At its base, Saison (meaning ‘season’) is a rustic country ale, with a truly wild flavour. Originally brewed to refresh seasonal farm laborers (the saisonniers), it has always been a country beer. The flavor is explosive, with loads of peppery, spicy esters from yeast and an occasional funky character from Brettanomyces. Saison is traditionally sold in champagne bottles, the color varies from pale to orange, the clarity spans from brilliant to cloudy, and the alcohol level ranges from 4.5% ABV all the way up to 9% for special holiday bottlings. On the palate it’s dry, like an extra brut champagne with the exuberant carbonation to match. Saison is a beer meant to refresh more than intoxicate. Saison is more than just a beer; it’s an idea. And more than any other beer, Saison is dependent upon expressive yeast character, and the unique Saison yeast is how this idea expresses itself in the world. For lager beer, fermentation proceeds at an austere 45 to 55 degrees, the chill temperature producing a product focused on elegant malt and hops character. Lager yeast is like a well-meaning elderly relative who drops the house temperature at night to bone-chilling levels while you shiver under multiple blankets. Saison yeast laughs at the restraint of lager and blows past the relative warmth of English ale strains and their 65 to 70 degree fermentations. Saison achieves its most expressive excitement of character by fermenting at 70 to 75 degrees, but it’s unafraid to go up to 80 degrees or, in the case of the legendary Dupont strain, all the way to 90 degrees.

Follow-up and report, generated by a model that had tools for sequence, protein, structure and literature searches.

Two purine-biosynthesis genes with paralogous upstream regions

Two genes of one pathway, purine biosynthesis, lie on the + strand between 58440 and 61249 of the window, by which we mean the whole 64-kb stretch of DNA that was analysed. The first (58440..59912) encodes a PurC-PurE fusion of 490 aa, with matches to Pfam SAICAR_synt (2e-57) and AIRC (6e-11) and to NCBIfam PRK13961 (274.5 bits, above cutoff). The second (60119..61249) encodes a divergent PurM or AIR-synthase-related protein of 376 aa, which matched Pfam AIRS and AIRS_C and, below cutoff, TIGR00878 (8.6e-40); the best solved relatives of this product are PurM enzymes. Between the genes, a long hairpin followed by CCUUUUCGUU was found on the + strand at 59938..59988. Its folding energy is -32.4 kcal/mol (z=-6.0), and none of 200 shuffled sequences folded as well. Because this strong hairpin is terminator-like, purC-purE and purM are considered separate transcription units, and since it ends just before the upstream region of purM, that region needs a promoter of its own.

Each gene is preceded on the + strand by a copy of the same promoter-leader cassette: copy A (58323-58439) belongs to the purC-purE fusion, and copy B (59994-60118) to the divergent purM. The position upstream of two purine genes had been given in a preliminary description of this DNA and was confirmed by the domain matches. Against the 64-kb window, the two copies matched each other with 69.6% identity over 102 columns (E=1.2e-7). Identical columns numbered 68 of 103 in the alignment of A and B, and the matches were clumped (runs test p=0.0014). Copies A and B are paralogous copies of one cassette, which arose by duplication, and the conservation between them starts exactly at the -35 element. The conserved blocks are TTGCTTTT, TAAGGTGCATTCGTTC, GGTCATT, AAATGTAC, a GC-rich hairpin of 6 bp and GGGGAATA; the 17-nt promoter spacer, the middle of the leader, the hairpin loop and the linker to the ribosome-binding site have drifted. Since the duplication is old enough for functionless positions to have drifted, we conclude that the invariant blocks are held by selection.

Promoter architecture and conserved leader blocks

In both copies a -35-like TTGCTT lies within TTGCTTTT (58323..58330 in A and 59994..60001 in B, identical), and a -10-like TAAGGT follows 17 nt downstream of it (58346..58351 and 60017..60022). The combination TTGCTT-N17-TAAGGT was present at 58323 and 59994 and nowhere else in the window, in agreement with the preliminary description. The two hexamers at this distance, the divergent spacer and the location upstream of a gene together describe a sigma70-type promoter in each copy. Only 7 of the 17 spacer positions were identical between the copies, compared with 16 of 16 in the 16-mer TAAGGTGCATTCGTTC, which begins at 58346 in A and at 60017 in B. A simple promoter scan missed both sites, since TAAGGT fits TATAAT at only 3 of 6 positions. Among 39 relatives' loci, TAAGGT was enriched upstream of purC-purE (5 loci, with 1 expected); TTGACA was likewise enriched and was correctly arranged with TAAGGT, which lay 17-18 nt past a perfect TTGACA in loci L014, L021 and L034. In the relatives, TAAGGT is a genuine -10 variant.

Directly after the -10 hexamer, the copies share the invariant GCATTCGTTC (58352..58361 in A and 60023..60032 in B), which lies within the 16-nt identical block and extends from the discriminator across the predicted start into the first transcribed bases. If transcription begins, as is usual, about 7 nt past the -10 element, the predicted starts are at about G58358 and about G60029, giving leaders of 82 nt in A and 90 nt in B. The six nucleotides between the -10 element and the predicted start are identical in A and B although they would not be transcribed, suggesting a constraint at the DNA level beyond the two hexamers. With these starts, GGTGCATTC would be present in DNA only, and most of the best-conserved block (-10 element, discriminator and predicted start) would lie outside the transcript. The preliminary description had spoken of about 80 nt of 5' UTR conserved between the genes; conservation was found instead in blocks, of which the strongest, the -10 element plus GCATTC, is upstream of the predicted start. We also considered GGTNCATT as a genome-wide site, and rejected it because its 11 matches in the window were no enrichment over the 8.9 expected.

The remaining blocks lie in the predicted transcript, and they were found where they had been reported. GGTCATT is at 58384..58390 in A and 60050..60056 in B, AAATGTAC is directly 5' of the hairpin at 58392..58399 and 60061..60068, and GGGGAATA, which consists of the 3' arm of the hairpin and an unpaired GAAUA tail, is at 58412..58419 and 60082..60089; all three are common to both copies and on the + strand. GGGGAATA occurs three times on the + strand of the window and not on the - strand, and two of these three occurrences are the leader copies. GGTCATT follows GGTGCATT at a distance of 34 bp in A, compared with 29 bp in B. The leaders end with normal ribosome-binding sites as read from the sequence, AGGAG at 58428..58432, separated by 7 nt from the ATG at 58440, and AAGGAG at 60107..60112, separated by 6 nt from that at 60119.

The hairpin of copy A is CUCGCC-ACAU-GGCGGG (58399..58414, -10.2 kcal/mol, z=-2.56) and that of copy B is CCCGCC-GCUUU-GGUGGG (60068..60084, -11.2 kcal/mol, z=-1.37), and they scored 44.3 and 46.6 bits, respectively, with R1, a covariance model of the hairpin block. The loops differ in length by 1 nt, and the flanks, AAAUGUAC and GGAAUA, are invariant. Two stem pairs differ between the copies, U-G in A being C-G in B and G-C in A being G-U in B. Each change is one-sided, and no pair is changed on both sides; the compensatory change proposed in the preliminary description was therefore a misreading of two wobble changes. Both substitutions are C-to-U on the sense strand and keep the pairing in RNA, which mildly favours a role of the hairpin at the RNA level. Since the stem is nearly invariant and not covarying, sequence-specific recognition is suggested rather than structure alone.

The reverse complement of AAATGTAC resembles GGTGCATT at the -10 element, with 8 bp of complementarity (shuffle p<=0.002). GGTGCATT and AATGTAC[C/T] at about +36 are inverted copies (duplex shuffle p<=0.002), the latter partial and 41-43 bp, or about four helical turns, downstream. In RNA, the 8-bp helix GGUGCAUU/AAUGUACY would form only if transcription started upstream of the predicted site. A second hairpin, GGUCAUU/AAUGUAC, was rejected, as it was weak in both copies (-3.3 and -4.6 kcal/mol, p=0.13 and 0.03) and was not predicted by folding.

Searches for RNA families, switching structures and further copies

The origin of Saison has it as a low-alcohol beer, a super-dry quaffer. Consuming the beer fresh was not optional but mandatory, as the beer would quickly turn acetic (the smell/taste of vinegar, nail polish, and similar) if it were not consumed within a few weeks of brewing. Saison beer was a ‘right now’ kind of beer, meant to be chugged after a long sweaty day harvesting barley, sugar beets, and Schaerbeek cherries (a sour variety used to make Flemish-style kriek beer). Our barrel-aged Saison, Sofie, might be 6.5%, but its light, subtly sour, zesty flavour is this kind of refreshment exactly.

Then the lager wave came, and the predominant invigorating ale styles were virtually exterminated. Witbier died and wasn’t revived for decades. Trappist monks had the sanctuary of their church walls to protect their ales, but many stopped brewing altogether. Lambic (including gueuze), Oud Bruin (Flanders Brown), Bière de Garde (French farmhouse ales) were all on the edge of extinction as homogenisation became the rule of the day.